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It's an election year. What are Seattle City Council members up to?: Today So Far

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Flickr Photo/Daniel X. O'Neil (CC-BY-NC-ND)/
  • February comes to a frosty end in Western Washington.
  • Some medical facilities in Seattle are taking steps to mitigate the impacts of commonly used anesthetics on the environment.
  • It's a big election year for the Seattle City Council. Let's take a look at what council members are planning.

This post originally appeared in KUOW's Today So Far newsletter for February 27, 2023.

Weather update: We hit some record cold temperatures last week in Seattle, and it doesn't look like things will change anytime soon. Temperatures will be dipping into freezing territory and then rising into the 40s for a few days, which means anything that falls will be going between wet and ice.

The National Weather Service says to expect a rain/show mix around Western Washington today. Also, about three inches of snow is possible around Seattle this evening. NWS is calling the weather over the next couple days a "minor impact." With this sort of Northwest weather, I predict a lot of minor (and major) impacts on the roads out there, so be very careful.

If you're like me, then you've really appreciated nitrous oxide at the doctor or the dentist. My last trip to the dentist involved a lot of needles and drills ... but I didn't seem to mind. It turns out, anesthetic gases like nitrous oxide or desflurane also happen to be very potent greenhouse gases. That's why some medical facilities in Seattle are taking steps to mitigate their impacts on the environment.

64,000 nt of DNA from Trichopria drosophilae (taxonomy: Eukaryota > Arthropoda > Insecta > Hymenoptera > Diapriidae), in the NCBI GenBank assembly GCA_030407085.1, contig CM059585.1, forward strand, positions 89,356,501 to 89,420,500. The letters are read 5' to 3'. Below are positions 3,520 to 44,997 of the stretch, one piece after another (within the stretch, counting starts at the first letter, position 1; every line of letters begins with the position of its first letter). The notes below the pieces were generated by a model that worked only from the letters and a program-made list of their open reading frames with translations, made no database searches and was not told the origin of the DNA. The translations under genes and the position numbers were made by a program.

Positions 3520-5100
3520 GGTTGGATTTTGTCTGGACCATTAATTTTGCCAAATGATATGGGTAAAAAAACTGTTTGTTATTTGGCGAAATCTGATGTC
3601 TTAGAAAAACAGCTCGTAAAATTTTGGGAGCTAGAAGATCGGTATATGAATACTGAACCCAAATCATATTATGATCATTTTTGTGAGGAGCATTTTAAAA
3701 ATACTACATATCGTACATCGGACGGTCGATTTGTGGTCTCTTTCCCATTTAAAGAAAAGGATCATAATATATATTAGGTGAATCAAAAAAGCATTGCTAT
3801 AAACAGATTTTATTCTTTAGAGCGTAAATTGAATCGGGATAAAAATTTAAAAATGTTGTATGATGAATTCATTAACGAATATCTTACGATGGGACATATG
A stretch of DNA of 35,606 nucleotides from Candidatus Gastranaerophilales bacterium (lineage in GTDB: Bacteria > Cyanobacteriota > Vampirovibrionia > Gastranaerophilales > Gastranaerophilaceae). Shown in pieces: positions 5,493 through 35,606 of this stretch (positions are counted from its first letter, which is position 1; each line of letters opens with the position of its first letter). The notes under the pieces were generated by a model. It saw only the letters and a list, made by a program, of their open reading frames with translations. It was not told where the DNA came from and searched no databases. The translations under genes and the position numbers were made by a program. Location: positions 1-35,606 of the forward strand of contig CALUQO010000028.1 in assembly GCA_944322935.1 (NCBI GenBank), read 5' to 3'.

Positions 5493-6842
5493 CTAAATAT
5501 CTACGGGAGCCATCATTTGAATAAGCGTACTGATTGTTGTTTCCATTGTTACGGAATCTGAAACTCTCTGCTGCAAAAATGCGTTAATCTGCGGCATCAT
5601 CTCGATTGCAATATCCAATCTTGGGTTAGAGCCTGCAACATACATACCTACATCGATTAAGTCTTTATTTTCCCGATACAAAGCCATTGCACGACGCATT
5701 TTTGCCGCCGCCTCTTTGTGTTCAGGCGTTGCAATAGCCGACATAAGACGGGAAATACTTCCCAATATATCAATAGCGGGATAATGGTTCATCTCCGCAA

Seattle Children's Hospital, for example, has an extensive system of pipes that carry nitrous oxide throughout its facilities. But those pipes can leak about 90% of its gas supply. That's not very efficient when you think about it. Those pipes are now slowly being turned off and the hospital is transitioning to individual tanks. It's a fascinating corner of our everyday, medical lives, and the response to climate change. Check out the full story here.

Right about now is a good time to bring up the Seattle City Council. As of late last week, all council members up for election this year have revealed their plans for the future. Will they run for re-election? Will they step down from politics? The answers are "yes," "no," and "other."

The big takeaway here is that seven of the nine council seats are up for election this year, four of these positions are wide open with no incumbents. Yet another seat may open up early. This has the potential to shake things up in Seattle, which faces challenges from homelessness to growth. I emphasize the word "potential." Changes like this could be like trading members of the Ramones, or switching up members of the Scorpions. You're either going to get pretty much the same tune, or you can get rocked like a hurricane by the wind of change.

Running for re-election

Andrew Lewis: Lewis joined the council in 2020 and is running for re-election. He is participating in the city's Democracy Voucher Program.

Tammy Morales: Announced in early February that she is running again for District 2 and is participating in the city's Democracy Voucher Program. Morales joined the council in 2020.

Dan Strauss: Announced this week that he is running for re-election in District 6. Strauss joined the council in 2020.

Not running for re-election/other

Lisa Herbold: Herbold says she is not running for District 1 because she fears a divisive primary election could allow extreme candidates to make it through. She hopes that bowing out will help a progressive candidate win. Herbold joined the council in 2016.